Charles Rath, Bob Wright, and Lee Reynolds, the settlers supplied
buffalo hides to the three
men, who in turn, made provisions available to the settlement. With the fort established, the
men built a trading post and Sweetwater quickly grew to a population
of about 150 people. The three
men claimed to have bought over 150,000
buffalo hides while they were
William (Billy) L. R.
Dixon, hero of the
Second Battle of Adobe Walls in 1874, was wagon master
of a bull train in Sweetwater for a time. Running the train for
Lee Reynolds of
Dixon mastered ten 7-oxen teams of three wagons to a team bringing
provisions into Sweetwater and taking loads of buffalo hides back to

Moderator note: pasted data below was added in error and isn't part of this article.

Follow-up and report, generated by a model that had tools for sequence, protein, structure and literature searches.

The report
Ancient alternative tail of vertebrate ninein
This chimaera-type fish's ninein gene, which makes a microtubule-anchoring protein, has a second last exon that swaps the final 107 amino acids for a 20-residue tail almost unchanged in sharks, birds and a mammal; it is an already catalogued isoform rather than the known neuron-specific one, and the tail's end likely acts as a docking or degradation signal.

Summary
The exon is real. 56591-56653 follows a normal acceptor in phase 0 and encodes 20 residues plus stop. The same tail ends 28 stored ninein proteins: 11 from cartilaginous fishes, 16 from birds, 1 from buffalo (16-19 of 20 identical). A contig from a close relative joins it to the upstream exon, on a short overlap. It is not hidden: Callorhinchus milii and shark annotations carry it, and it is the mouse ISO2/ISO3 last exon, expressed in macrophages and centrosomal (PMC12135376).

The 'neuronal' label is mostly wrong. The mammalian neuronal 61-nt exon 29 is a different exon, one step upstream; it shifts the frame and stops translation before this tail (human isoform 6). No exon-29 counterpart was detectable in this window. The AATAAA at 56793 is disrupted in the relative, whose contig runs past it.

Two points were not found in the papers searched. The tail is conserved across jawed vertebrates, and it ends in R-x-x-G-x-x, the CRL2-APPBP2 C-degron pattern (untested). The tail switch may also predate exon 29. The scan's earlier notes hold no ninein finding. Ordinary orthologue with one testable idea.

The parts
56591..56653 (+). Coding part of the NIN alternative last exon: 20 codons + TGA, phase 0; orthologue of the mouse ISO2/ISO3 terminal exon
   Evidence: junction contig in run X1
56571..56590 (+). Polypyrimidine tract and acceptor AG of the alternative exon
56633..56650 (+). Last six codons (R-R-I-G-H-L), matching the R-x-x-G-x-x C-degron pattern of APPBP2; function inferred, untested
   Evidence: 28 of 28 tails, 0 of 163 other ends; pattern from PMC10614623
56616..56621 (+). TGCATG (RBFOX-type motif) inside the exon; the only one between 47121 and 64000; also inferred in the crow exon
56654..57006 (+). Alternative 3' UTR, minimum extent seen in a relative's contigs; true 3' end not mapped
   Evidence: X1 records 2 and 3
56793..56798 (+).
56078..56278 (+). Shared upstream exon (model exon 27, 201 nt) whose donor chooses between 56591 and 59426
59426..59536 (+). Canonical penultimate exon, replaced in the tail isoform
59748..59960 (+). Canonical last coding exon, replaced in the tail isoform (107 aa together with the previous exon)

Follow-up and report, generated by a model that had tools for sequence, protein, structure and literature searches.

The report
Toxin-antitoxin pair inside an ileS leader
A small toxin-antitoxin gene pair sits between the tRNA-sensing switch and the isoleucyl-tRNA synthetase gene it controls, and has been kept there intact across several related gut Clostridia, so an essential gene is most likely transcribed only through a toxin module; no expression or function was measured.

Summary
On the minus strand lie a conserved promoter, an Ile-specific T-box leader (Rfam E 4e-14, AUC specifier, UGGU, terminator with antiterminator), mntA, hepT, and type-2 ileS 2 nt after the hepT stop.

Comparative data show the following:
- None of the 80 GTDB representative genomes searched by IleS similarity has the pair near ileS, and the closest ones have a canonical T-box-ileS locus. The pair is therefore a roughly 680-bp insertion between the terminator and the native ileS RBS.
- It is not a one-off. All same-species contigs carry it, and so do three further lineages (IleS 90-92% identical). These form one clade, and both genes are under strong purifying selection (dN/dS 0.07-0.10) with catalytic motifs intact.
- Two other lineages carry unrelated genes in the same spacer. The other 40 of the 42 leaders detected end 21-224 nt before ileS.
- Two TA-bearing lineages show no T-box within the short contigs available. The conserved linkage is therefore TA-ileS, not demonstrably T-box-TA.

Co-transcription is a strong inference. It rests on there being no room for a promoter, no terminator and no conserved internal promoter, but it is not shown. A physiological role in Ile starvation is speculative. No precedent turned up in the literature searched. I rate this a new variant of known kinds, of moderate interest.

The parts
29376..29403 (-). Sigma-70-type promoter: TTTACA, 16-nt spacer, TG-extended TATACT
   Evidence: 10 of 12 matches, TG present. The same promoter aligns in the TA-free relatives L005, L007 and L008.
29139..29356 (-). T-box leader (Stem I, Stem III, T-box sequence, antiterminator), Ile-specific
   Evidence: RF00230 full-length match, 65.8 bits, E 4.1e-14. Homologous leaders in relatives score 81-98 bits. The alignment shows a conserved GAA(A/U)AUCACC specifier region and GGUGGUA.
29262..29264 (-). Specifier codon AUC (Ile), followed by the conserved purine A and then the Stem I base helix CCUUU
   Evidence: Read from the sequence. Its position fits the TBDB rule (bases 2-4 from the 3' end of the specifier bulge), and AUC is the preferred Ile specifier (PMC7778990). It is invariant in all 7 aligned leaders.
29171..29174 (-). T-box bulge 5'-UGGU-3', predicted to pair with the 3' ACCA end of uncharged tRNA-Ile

Catering primarily to the soldiers
at the fort, Sweetwater had a Chinese laundry, a restaurant, a dance
hall and several
by the summer of 1875. Like many Old West settlements, the town
was primarily called home to bullwhackers, outlaws,
The restaurant was run by
Tom O’Loughlin, and his wife, Ellen, who was said to have been the only
virtuous woman in the settlement. The only other women in the small
town were the dance hall and
girls. Numbering about 15, the girls worked the many Sweetwater
Saloons, which held such names as the Pink Pussy Cat Paradise, the
Chip Mint and the White Elephant. One
called the Ring Town
located about 2 ˝ miles northwest of Sweetwater was designated for black
men only – primarily those Buffalo
Soldiers employed at
The owner of the main
dance hall was Bill Thompson, brother of the noted
Ben Thompson, gunman of
who was killed in
Sometime in 1875,
Bat Masterson, who had scouted for Colonel Nelson A. Miles during the Red
River War, landed in Sweetwater. Working as a faro dealer in Henry